By Joshua Huff, sports editor
TRUSSVILLE — The dismissal of Hewitt-Trussville head coach Dave Barden has raised consternation and frustration throughout the Trussville wrestling community as witnessed on Monday night during the Trussville City Schools’ Board of Education meeting.
Barden, a University of Tennessee Chattanooga Hall of Fame wrestler and collegiate wrestling national championship qualifier, was recently relieved of his duties as the Huskies’ wrestling head coach following a possible ethics violation that stemmed from the sale of merchandise to his team and a possible AHSAA violation for allegedly falsifying the weights of his wrestlers.
Despite the accusations, the Hewitt-Trussville wrestling community packed into the board room of the central office in a show of support for a coach who parents and wrestlers claim has elevated the program on and off the mat.
“I am here to speak as a representative for the wrestling parents and student-athletes who would like to share with you the positive impact that coach Barden has made in our children’s lives,” Bard Cantwell told the five-member school board. “We are not here to cause a riot. Nor are we here to hurt the wrestling program. We are here to state on record … that we disagree with the removal of coach Barden as head wrestling coach.”
Barden faces a possible ethics probe that centers on the sale of personally-made sweatshirts to the team and a possible AHSAA violation for falsifying the weights of his wrestlers during meets.
According to Heather Cantwell, the mother of two current Hewitt-Trussville wrestlers, Barden did indeed sell the sweatshirts, but not for profit. In fact, she believes that Barden did the parents a favor as the rising cost of high school athletics has pinched many families, and in some cases, pushed families out of providing an athletics avenue for their children.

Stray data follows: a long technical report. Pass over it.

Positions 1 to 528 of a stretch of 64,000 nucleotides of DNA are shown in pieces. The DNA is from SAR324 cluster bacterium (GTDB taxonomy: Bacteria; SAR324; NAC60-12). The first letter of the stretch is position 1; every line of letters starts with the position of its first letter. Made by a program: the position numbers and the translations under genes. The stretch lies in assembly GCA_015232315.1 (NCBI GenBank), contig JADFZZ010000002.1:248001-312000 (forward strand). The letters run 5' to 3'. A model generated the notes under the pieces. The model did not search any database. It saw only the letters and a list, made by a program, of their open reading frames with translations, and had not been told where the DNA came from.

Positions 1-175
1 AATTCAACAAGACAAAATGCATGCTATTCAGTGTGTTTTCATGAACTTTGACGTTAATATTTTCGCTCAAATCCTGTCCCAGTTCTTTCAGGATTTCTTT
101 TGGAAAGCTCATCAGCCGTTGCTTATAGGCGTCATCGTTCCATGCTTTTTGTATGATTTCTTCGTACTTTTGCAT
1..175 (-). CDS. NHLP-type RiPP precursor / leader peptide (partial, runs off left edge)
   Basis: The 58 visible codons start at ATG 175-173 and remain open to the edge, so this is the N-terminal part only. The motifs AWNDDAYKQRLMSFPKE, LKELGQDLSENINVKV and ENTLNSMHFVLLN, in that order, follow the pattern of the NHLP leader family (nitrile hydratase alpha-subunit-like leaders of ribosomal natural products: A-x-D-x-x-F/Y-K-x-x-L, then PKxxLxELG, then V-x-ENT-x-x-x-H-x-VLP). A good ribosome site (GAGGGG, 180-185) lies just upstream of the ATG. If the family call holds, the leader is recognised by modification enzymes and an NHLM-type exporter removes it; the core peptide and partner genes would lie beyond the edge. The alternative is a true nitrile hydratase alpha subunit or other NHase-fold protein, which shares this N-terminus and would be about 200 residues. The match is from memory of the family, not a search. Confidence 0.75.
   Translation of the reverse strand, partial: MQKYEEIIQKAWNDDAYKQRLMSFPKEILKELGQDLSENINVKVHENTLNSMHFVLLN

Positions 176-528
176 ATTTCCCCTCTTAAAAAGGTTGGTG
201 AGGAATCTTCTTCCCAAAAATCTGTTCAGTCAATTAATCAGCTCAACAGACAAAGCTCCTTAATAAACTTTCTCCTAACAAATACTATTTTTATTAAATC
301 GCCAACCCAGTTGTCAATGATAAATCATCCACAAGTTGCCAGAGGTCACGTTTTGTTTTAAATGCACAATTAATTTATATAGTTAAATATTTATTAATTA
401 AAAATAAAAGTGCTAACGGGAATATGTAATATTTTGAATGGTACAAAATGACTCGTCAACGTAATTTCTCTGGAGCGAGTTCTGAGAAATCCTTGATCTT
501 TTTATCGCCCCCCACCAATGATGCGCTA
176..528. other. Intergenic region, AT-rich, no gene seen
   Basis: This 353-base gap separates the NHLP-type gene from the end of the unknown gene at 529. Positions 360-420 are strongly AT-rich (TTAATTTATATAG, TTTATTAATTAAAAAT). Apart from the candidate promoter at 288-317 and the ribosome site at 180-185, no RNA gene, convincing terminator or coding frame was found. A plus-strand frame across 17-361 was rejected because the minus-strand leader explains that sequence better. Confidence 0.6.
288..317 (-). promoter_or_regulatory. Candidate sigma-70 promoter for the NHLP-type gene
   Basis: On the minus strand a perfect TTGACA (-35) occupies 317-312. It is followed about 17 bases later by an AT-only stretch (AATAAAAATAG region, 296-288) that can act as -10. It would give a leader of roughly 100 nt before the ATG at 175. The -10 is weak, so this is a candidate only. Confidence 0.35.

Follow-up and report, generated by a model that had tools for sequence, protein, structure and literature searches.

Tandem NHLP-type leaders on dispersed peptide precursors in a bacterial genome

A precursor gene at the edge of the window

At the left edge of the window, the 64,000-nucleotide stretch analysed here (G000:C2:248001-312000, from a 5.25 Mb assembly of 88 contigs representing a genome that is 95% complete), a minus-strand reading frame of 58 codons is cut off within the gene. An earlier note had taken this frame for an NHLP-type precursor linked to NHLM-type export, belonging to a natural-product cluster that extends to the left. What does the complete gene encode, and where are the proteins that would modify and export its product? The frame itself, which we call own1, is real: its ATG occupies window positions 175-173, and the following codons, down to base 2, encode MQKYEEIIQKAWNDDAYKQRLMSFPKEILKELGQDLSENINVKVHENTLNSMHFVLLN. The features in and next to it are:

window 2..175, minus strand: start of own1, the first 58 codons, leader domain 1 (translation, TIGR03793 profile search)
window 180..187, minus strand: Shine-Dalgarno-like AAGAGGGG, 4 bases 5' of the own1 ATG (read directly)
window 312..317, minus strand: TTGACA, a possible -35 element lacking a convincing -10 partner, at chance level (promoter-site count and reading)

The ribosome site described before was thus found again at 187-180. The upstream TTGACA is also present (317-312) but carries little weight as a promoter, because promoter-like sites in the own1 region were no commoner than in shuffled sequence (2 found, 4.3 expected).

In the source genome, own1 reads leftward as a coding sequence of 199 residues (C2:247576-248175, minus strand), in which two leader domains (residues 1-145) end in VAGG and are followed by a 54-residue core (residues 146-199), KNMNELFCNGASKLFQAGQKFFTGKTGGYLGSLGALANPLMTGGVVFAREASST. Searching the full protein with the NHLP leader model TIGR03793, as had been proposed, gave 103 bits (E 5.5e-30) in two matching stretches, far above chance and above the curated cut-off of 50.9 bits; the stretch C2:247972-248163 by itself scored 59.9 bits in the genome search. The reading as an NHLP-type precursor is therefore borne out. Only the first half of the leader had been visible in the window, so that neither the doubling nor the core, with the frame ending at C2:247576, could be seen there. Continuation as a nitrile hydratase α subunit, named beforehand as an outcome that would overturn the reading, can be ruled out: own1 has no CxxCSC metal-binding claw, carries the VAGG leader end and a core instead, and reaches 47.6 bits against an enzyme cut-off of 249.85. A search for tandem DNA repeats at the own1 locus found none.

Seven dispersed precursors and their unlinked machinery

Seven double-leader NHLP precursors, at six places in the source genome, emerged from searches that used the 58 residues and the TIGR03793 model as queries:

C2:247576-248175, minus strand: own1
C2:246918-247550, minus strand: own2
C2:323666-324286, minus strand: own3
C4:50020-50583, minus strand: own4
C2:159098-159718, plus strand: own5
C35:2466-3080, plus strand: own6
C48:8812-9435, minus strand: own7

“I know that’s why he was doing it,” Heather Cantwell said of Barden personally selling the sweatshirts in an effort to help mitigate the exorbitant cost of anything related to athletics these days. She said the same shirts through the school vendor would have been more expensive.
As for falsifying the weights, the parents fully understand the unacceptable nature of the violation, but the punishment does not fit the crime, according to Heather. Speaking for the parents before the board, Bard admitted that Barden had committed a violation, but termination is not a justifiable response for a man who has done considerably more good in his four years as the Hewitt-Trussville wrestling head coach than bad.
“I understand that he has committed a violation of rules,” Bard Cantwell said. “And he should have served a punishment. The punishment that he has received does not fit what he did. Barden is not perfect. He admits his mistake, but the good he has done for our boys outweighs the violation.”
In his four years at Hewitt-Trussville, Barden has guided the program to multiple top 5 finishes in the ASHAA state wrestling championships. Following a successful stint as a high school wrestler at Fairfield and as a collegiate wrestler at the University of Tennessee Chattanooga, Barden dove into the ranks of coaching with stints in Ohio at Kettering High School, Harrison High School, Fairfield Youth Club, Fairfield High School, before he moved on to Alabama to coach at Buckhorn High School and then Hewitt-Trussville.
“Trussville City Schools is working to fill the varsity wrestling head coach position for the 2020-21 school year,” Hewitt-Trussville athletics director Lance Walker said in a statement. “As always, we are looking for the individual that does an outstanding job in the classroom and leads our wrestling program in an exemplary fashion. We would like to thank coach Barden for the contributions he made to the program, and wish him the best of luck moving forward. Hewitt-Trussville wrestling has a storied history, and we look forward to selecting the next leader for our wrestling program.”